It is an unwritten rule of football that all blitzes shall have highly macho, vaguely silly handles, and this one was no exception. The blitz that essentially ended the 96th Red River Shootout was named Slamdog. It called for Oklahoma strong safety Roy Williams to shoot the gap between the left guard and tackle. Having done so, however, Williams found himself facing Texas tailback Brett Robin. The last time Williams had blitzed, earlier in the fourth quarter, he had attempted to hurdle the blocking back, and it hadn't gone well. Williams had taken a foot in the groin, and Longhorns quarterback Chris Simms had scrambled past him for 11 yards.
"Don't leave your feet!" Sooners defensive coordinator Mike Stoops reminded Williams when he called that blitz again with 2:06 left, Oklahoma nursing a 7-3 lead and Texas pinned on its own three-yard line. Williams didn't listen. He launched himself over Robin and into Simms, hitting the quarterback as his passing arm was coming forward. The ball squirted into the hands of middle linebacker Teddy Lehman, whose two-yard return for a touchdown made the score 14-3.
Williams then rubbed salt in the wound, intercepting Simms's next pass to seal the Sooners' victory at the Cotton Bowl and extend their winning streak to 18 games, best in the nation. The defending national champions have beaten the last six Top 10 teams they've faced despite being underdogs in five of those games.
Texas's loss must have been particularly galling for coach Mack Brown, and not only because it dropped the Longhorns (4-1) from No. 5 to No. 11. Brown appears to have hit a wall in his attempt to bring his program into contention for a national title. Since his arrival in Austin three years ago Brown has restored pride in Texas football. He is 31-12 and has recruited some of the best talent in the country. The only thing he hasn't done is win big games. ( Brown's Longhorns are 3-8 against Top 10 teams.) The grumbling that has emanated from fans and alumni since last year's 63-14 Red River rout will now grow into howls of outrage.
This was the year Texas had a clear shot at the national championship. Its schedule was a dream (no Kansas State, no Nebraska), and its young talent—Simms and wideouts B.J. Johnson and Roy Williams (no relation to Oklahoma's Roy Williams)—had matured. The running game, which had been lost, was found: The "thunder and lightning" combination of freshman sensation Cedric Benson and redshirt sophomore Ivan Williams had amassed 593 yards in four games. Simms had spent countless hours over the summer throwing to what was billed as one of the most dangerous receiving corps in the nation.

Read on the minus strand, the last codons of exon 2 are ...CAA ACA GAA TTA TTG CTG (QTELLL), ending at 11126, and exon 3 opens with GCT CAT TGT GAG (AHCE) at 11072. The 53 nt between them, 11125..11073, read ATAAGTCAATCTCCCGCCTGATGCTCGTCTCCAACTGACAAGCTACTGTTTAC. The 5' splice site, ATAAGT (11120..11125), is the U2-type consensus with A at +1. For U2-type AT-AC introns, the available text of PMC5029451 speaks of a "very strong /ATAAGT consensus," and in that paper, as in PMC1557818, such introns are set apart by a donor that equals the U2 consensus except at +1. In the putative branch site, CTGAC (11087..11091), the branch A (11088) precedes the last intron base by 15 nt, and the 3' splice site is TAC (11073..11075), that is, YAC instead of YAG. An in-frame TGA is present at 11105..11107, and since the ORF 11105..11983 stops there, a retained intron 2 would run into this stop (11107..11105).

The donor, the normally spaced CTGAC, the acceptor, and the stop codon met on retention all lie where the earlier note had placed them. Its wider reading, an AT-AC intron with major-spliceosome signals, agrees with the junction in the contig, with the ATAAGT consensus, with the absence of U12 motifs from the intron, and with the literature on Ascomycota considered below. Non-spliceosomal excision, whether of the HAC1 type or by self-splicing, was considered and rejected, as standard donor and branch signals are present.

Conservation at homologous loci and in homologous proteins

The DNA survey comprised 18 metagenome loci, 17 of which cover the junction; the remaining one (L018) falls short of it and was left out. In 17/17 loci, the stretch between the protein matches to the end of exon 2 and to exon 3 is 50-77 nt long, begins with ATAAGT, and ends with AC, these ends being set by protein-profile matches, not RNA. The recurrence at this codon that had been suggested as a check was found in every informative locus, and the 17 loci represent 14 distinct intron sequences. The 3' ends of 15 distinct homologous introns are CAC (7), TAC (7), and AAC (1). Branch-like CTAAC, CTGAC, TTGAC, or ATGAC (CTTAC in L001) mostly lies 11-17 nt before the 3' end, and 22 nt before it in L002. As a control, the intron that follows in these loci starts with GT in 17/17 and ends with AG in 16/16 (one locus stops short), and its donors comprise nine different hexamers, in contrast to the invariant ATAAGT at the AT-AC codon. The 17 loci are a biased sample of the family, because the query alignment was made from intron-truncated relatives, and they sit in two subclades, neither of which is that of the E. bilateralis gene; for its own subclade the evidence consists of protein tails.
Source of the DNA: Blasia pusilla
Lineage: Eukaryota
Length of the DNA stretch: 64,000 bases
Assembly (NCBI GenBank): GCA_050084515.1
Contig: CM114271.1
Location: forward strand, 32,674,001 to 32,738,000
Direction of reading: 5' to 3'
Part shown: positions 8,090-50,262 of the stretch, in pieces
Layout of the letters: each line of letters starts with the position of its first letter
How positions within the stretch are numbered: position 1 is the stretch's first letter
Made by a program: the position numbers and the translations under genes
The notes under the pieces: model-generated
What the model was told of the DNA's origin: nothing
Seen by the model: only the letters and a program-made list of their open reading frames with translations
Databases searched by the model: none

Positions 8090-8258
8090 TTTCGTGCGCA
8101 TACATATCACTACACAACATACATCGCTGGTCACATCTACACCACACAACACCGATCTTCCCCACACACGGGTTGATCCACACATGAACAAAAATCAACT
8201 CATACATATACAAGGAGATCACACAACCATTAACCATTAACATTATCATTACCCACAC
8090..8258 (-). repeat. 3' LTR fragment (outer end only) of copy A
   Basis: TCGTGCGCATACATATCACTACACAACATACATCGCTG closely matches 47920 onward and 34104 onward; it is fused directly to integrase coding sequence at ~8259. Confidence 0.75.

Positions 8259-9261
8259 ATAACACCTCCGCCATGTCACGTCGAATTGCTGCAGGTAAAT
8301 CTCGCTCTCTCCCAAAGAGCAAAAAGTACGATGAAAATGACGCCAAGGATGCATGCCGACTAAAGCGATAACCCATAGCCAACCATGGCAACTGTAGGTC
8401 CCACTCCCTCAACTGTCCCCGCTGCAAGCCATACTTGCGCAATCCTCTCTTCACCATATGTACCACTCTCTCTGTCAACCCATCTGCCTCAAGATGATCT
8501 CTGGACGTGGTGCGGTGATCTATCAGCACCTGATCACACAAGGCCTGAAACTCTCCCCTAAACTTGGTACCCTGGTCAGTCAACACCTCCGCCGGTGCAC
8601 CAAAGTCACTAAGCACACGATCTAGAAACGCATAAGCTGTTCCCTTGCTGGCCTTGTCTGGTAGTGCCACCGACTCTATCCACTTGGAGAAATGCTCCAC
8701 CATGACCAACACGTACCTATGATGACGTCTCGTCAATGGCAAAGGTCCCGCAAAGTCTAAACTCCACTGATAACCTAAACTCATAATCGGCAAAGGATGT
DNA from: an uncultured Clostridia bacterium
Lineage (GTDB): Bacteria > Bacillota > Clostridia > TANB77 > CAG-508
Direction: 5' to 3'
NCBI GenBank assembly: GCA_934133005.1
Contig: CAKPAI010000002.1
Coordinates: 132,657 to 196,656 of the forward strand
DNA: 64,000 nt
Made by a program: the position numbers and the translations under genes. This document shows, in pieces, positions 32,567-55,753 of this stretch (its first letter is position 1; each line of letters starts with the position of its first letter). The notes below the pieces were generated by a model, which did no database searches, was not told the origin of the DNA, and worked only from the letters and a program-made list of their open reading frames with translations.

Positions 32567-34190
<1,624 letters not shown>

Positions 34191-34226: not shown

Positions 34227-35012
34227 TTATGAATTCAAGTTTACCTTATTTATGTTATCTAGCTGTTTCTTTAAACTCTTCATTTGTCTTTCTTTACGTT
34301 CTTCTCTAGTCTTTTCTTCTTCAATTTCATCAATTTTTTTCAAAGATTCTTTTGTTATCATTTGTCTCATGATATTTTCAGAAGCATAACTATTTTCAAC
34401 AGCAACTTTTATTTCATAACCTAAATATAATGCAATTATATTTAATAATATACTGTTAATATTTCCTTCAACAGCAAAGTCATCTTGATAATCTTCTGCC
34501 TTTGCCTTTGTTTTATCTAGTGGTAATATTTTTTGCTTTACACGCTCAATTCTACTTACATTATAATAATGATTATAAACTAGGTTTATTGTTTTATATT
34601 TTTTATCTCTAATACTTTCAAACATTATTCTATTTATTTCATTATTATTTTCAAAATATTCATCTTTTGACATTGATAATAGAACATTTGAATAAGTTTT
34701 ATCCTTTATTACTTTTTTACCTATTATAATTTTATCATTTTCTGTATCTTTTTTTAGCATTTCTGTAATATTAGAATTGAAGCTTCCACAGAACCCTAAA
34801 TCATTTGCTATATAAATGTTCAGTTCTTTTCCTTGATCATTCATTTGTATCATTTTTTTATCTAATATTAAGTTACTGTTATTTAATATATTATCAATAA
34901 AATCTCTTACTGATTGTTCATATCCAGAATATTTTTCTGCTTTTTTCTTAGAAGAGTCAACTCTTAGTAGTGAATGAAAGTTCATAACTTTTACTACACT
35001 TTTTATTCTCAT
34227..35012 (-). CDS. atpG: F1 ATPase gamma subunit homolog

After putting up gaudy numbers in its first four games against teams that were a combined 7-13, the Texas offense sputtered against Oklahoma. The Longhorns rushed for 27 yards while Simms threw four interceptions and was sacked five times. One could not help thinking, as the Texas offense spun its wheels, that Longhorns senior quarterback Major Applewhite, the 1999 Big 12 offensive player of the year who is known for his grit and resourcefulness, would have mustered more than a field goal with such weapons at his disposal. Asked after the game if he considered inserting his backup quarterback, Brown answered curtly in the negative.
Even as he has labored to avoid a quarterback controversy this season, Brown has bent over backward to make Applewhite feel a part of the team, discussing strategy with him on the sideline and telling anyone who will listen that Applewhite has a job on his staff the minute he finishes playing. Nonetheless, members of Longhorn Nation will demand to see him in a role other than Brown's assistant-in-training.
Whoever is taking the snaps, Texas will have to wait another year to anoint itself a contender. Oklahoma's stunning romp in last year's game launched the Sooners' title run. It also exposed the Longhorns as an overrated collection of solo acts that was less than the sum of its parts. Brown made changes in the off-season. After naming Simms the full-time starter, the coach overhauled the offense. For the first time since Ricky Williams left after winning the Heisman Trophy in 1998, Texas worked to establish the running game. Brown's desire for offensive balance led to the emergence of redshirt sophomore tailback Ivan (Diesel) Williams, who came into Saturday's game averaging 5.7 yards per carry. The team awaiting Oklahoma in the Cotton Bowl was tougher, better balanced and more cohesive than the squad the Sooners embarrassed a year ago.
In the end it didn't matter. Oklahoma, using a scheme similar to the one with which it handcuffed Florida State to win the national championship last January, shut down the Longhorns by controlling the line of scrimmage and taking away the long ball. To neutralize Texas's deep threats—Johnson and the other Roy Williams—the Sooners often played five and six defensive backs. Normally that makes you vulnerable to the run. Normally you don't have an athlete like Oklahoma's Roy Williams on your roster. Williams, a 6-foot, 215-pound junior, is the key to the Sooners' superb nickel defense. He's the rare strong safety who covers like a cornerback and plays the run like a linebacker. "He's the best defensive player I've played against," said Simms after the game.
"He always finds a way to be where the ball is," says Sooners coach Bob Stoops. "Run, pass, everything. He's got a great feel for the game."